I’m torn on the issue, as an erstwhile systems analyst who went through library school primarily for letters after my name. I’ve seen both sides of the divide and have seen IT positions that might have benefited from the MLS – a particular non-MLS comes to mind who had no sense of which battles were winnable and ultimately wound up leaving – and also seen jobs with a totally unnecessary MLS requirement that accomplished little other than watering down the candidate pool.
If a position will need to interact with librarians or act in public services capacities, the MLS is very useful; folks from IT (or elsewhere in the extrabibliosphere) do not necessarily know our culture or our values – hell, they might not even speak our language. And there is something to be said for this sort of familiarity. Librarians hold the reins in libraries and if you can’t speak to their values in a language they understand, you are likely to spend much of your career tilting against windmills (and getting nowhere fast).
On the other hand, we librarian folk think that libraries are a hell of a lot more special than we actually are. Our needs are sometimes esoteric, but many times they are not, and so an MLS requirement probably does more harm than good. And too often “web librarian” and “systems librarian” are euphemisms for “underpaid IT workers.” Earning a master’s degree should not reduce your earning potential, and yet that is precisely what happens.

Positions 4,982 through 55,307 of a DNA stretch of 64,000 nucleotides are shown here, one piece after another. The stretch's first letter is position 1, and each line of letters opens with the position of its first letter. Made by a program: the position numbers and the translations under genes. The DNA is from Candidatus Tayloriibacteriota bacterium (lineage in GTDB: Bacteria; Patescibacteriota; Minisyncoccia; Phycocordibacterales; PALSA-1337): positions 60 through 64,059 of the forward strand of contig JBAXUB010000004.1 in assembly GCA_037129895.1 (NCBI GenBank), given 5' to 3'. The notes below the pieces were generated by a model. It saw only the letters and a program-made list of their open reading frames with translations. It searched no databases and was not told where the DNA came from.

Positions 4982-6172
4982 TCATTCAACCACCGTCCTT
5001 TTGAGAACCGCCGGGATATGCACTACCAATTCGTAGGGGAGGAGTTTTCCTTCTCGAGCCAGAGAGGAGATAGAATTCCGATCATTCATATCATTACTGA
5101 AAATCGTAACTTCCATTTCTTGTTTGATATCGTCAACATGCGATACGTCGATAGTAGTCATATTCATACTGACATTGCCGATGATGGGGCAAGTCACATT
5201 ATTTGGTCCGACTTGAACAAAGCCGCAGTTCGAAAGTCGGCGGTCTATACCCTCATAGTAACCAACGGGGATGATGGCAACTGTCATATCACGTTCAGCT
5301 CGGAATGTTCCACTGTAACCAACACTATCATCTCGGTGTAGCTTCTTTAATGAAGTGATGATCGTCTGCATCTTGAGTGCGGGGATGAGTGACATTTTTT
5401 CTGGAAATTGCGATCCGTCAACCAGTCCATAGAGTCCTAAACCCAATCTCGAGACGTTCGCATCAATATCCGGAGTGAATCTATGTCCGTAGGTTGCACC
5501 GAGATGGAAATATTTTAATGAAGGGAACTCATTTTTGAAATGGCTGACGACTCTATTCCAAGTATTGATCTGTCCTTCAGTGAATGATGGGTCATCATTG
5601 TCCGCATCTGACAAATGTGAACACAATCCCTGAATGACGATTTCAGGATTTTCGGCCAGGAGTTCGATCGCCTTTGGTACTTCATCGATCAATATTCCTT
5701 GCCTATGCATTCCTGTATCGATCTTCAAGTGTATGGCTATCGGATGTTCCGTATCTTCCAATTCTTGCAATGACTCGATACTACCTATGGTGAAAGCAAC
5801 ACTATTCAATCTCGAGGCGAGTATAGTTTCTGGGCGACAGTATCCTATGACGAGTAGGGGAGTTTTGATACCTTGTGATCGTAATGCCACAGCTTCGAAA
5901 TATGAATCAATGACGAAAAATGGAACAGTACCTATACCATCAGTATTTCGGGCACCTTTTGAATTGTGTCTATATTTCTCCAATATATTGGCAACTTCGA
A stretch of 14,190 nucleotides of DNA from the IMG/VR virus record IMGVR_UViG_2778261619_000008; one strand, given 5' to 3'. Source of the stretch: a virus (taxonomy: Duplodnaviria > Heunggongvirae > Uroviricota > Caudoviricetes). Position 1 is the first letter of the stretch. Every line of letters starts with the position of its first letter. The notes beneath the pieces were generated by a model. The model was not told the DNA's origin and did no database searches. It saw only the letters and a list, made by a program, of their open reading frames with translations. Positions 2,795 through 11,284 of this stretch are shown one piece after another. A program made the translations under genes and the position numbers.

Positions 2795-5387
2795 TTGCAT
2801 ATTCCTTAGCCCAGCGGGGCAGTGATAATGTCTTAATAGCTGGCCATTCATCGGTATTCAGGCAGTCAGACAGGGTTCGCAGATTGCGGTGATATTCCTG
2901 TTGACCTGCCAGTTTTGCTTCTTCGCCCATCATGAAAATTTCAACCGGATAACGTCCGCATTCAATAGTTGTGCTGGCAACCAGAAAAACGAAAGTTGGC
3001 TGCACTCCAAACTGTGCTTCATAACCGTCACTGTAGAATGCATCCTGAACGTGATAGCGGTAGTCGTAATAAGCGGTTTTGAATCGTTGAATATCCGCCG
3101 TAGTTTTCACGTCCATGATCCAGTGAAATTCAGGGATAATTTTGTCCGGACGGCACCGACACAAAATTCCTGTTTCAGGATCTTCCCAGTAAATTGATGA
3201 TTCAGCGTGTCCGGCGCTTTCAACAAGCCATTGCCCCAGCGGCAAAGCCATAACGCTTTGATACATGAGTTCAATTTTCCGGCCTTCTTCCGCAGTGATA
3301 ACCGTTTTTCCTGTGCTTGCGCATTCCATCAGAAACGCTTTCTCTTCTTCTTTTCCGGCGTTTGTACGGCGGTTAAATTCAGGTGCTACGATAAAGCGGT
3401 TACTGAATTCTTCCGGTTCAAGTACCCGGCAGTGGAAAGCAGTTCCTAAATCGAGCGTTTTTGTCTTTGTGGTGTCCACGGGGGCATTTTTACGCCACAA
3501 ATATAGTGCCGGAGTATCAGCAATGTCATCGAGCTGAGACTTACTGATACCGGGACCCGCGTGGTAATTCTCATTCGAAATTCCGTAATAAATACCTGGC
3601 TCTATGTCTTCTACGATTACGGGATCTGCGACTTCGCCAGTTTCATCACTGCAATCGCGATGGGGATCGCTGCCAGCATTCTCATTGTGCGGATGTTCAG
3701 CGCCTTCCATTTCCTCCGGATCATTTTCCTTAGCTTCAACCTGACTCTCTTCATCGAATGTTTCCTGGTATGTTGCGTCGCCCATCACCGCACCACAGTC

In summary, I guess my views align with Karen’s but I appreciate what Ross is adding to the dialogue (having experienced much of the same nonsense). We need more Rosses in library-land, and ought to treat them very well in order to keep them around. Library technologists are (read: “should be”) first-class citizens in libraries and will play an active if not vital role in our future, whether they have the MLS or not. We’d do well to keep that in mind.